The Environmental Effects of Palm Oil Cultivation
You may not know much about palm oil, but plenty of people are talking about it. There are some serious implications regarding the production of palm oil and its use by millions of people. The environmental effects of palm oil
are staggering, but what is this mysterious substance and why is it so controversial?
What is Palm Oil?
Palm oil is the most widely consumed vegetable oil on the planet, with around 66 million tons
produced annually. It’s derived from the fruit of the oil palm tree and can be found in everyday products like food, cosmetics, animal feed, pharmaceuticals, and industrial products. Palm oil is so popular because it’s cheap to produce, has a high melting point, and contains almost no trans-fats, which makes it excellent for cooking.
The rising price of petroleum has encouraged the export of palm oil biodiesel to the European Union and the United States. Biofuels are plant-based solutions to fossil fuels, using fermentation and chemical reactions to break down molecules in plants to be refined and used as fuel. Until recent years, biofuels were produced from sugarcane and other plants, but recently biodiesel—the palm oil variant of biofuel—has become popular because of its low cost and the easy availability of palm oil.
Palm oil’s ubiquity and utility has led to the deforestation and habitat loss of the world’s most valuable and biodiverse regions: the rainforests.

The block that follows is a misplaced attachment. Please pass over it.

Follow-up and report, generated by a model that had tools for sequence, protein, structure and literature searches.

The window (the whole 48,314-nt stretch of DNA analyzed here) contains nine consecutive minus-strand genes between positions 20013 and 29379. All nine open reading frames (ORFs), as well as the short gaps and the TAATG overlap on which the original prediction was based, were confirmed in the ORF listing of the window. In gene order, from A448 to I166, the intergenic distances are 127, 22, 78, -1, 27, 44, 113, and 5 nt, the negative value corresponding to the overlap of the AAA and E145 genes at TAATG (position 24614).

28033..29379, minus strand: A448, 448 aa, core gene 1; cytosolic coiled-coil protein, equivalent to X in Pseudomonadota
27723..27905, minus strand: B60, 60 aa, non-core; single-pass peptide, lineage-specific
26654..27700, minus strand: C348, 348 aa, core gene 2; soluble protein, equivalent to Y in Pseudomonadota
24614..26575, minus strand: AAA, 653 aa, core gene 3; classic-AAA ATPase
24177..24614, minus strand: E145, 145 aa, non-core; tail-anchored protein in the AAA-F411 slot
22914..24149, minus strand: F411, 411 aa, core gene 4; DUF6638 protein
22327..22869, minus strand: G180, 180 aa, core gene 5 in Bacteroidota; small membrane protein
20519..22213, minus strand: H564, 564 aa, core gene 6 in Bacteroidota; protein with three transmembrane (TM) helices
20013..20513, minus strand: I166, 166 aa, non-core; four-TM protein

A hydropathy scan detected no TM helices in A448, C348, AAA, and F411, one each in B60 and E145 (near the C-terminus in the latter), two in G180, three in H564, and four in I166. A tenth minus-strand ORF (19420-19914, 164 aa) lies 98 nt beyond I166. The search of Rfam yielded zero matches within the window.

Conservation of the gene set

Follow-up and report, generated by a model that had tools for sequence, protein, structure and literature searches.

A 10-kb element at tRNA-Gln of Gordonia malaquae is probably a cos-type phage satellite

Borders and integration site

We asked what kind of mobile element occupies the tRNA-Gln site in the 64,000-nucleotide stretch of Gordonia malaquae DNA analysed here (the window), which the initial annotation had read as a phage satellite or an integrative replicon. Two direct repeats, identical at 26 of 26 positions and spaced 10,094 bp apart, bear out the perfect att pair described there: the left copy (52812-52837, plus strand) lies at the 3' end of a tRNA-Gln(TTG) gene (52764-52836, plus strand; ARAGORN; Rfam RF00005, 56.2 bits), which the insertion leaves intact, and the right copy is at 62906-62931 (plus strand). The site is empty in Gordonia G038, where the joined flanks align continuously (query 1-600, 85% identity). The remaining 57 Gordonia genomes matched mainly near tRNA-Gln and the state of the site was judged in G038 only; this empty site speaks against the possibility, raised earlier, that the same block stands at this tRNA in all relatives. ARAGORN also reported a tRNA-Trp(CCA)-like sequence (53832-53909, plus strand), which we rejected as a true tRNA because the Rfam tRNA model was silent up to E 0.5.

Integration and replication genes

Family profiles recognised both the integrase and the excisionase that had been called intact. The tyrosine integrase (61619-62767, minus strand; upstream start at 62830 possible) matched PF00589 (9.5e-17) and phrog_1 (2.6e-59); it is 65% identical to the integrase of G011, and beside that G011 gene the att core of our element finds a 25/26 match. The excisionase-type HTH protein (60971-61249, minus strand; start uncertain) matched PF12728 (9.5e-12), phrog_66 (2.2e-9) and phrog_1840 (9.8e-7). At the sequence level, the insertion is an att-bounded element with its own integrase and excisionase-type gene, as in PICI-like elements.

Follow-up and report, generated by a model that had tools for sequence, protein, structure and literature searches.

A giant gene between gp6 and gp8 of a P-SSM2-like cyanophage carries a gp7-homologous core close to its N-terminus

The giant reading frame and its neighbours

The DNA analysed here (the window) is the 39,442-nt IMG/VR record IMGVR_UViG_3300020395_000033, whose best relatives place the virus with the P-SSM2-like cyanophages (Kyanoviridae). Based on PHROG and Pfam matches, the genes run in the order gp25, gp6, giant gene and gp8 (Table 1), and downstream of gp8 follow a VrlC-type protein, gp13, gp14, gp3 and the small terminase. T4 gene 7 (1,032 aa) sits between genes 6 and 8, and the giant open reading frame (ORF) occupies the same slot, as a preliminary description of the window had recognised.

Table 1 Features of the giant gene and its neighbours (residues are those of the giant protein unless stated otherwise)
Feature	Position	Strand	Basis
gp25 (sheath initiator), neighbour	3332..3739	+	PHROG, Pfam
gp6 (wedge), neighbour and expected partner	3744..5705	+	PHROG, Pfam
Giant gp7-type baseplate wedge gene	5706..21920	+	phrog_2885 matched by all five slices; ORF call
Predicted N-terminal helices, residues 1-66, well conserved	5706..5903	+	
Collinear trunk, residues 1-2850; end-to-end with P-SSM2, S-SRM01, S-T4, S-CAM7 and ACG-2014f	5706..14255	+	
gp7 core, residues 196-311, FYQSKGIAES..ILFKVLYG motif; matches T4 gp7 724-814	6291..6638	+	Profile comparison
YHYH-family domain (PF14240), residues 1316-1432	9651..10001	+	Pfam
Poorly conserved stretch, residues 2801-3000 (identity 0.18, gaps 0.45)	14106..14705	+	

Oil palm trees flourish in the humid, tropical climates of Latin America, Africa, and especially Southeast Asia. More and more palm oil plantations are being created by bulldozing through large areas of rain forest to make room to grow these trees—to date, these plantations take up 40.6 million acres of land
and are the leading cause of deforestation in Indonesia. This destruction harms already vulnerable populations, including local animals and plants, as well as native peoples who rely on these forests for their livelihoods. Numerous critically endangered species like the Sumatran orangutan, Borneo elephant, and Sumatran tiger reside in these areas, putting them at even greater risk because of habitat loss and increasing the possibility of contact with poachers.
Trees contain vast amounts of carbon dioxide, which is released in alarming quantities into the air when they’re cut down. Converting one hectare of rainforest land into palm oil plantation land releases 174 tons of carbon
, most of which will head upward as carbon dioxide. Areas of swampy land known as peat soil prevent fallen vegetation from decomposing, accumulating carbon dioxide as a result. Peat acts as a massive storage vessel of carbon dioxide and is vital to reducing carbon emissions and counteracting global warming. Unfortunately, the waters from these swamps are drained to make room for palm oil plantations, which releases the trapped carbon dioxide into the air. Additionally, the extensive use of fertilizer in this type of farming depletes natural minerals from the soil, leaving the ecosystem with less organic matter to serve as natural fertilizer and restore biological activity.
The palm oil industry is vast and incredibly lucrative. Nevertheless, spreading the message of the deleterious environmental effects of palm oil
is having an impact on global farming practices and creating a culture that values sustainability.